Grading policy adapts by adding ‘minus’

Category:  News
Wednesday, September 14th, 2016 at 9:34 PM

Starting this semester, Edinboro University will adapt its grading policy to match many other state universities by adding minus grades to the grading scale.

“Through my interactions with provosts at other state system universities, I came to realize that a number of these institutions, and others outside of the State System, had grading scales that included minus grades, while we [Edinboro] did not,” said Provost and Vice President for Academic Affairs Dr. Michael Hannan.

Last fall, Hannan asked the University Senate to form a committee to consider expanding Edinboro University’s grading scale, in order to include minus grades. 

“It had been some time since the issue was last considered and I was aware that minus grades were common at other universities,” he said.

During the 2016 spring semester, the University Senate voted to recommend the grading policy change to interim president Dr. David Werner, who approved the change.

“I noticed the policy here [Edinboro University] was different from how it had been at most other schools I had been at, and not only that, but faculty I talked to, and even students, weren’t familiar with any other school that had plus grades, but no minus grades. There’s two big problems with that,” said spokesperson for the grading policy review committee Dr. Peter McLaughlin.

McLaughlin continued, “For one thing, faculty wanted a little more flexibility in the grades they assigned. The second thing is that we looked at all other schools and confirmed that our system was really out of step with what most other schools would consider a ‘B’ student or an ‘A’ student.”

McLaughlin also stressed the importance  of Edinboro University’s grading system being uniform with other universities, in order to discuss students’ grades with job recruiters.

“If I were to talk about students with a job recruiter, I want to be able to say this student is a ‘B’ student and have that person know exactly what I mean. Usually when you think about a ‘B’ student, that looks like a student in the mid 80s range [and] with the system that we [Edinboro] used to have, you can have that GPA being a student in the low 80s range.”

The biggest change to the grading policy is the addition of the minus grades. But additionally, for the first time, the university provided a recommendation or a guideline for the grading policy for faculty, which states the standard percentage grade for each letter grade. 

However, faculty are not subject to follow the provided grading guideline.

“Faculty are free to give any grade they want. They can construct their grading policy [and] if they don’t want to give plus or minus grades they don’t have to. That hasn’t been a change, but now we’re providing a little bit of guidance as to what is typical for faculty if they want to go with that,” said McLaughlin.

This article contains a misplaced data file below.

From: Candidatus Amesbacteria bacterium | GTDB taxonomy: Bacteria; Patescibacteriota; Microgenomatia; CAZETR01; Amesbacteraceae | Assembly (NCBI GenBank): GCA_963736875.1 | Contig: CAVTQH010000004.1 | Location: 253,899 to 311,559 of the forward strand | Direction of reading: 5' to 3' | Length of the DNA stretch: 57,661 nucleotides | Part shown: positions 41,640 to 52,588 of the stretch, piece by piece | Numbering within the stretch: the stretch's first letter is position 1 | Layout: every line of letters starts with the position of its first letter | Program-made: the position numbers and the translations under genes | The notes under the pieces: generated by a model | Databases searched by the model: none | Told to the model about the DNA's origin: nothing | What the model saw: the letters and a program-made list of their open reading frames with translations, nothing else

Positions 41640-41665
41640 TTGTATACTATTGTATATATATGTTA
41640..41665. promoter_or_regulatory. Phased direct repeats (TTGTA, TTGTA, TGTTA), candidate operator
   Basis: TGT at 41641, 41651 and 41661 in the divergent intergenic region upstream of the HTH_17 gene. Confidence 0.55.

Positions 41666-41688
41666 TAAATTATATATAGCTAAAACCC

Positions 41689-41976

Additionally, faculty participated in a survey regarding the potential change in the grading system, in which 155 faculty members responded; 130 were in favor for the grading change and 25 opposed.

 “Most of the faculty comments were strongly in favor of making the change,” said McLaughlin. 

For students, the change in the grading system will, for the most part, not affect their academic success, but will make their GPAs appear more uniform to other university GPAs.

“This grading change will make our grading system more consistent with other universities, which may make their [students] overall GPA appear more comparable to those from other institutions, should they apply for graduate school.”

Hannan continued, “They [students] should also realize that adding this option for faculty will make it a little more challenging to get a higher GPA, which I hope will encourage them to work hard in class and seek assistance when needed.”

McLaughlin also commented on how the new grading policy may affect students.

“I don’t think it’s [new grading policy] going to change things too much. I think in some instances students might have lower grades than they would have otherwise gotten, but it can also work the other way around.”

McLaughlin continued, “A lot of them [students] did admit it was kind of strange that we had this policy of plus grades without minus grades, and that [it] was different from even what they had in high school. Which tells me that the grading policy Edinboro used to have was less rigorous than what students experienced in high school.” 

Students are encouraged to review each individual course’s syllabus to see what grades and scaling their professor, or faculty advisor, plan to utilize for that specific course.

Macala Leigey is the news editor for The Spectator. She can be reached at

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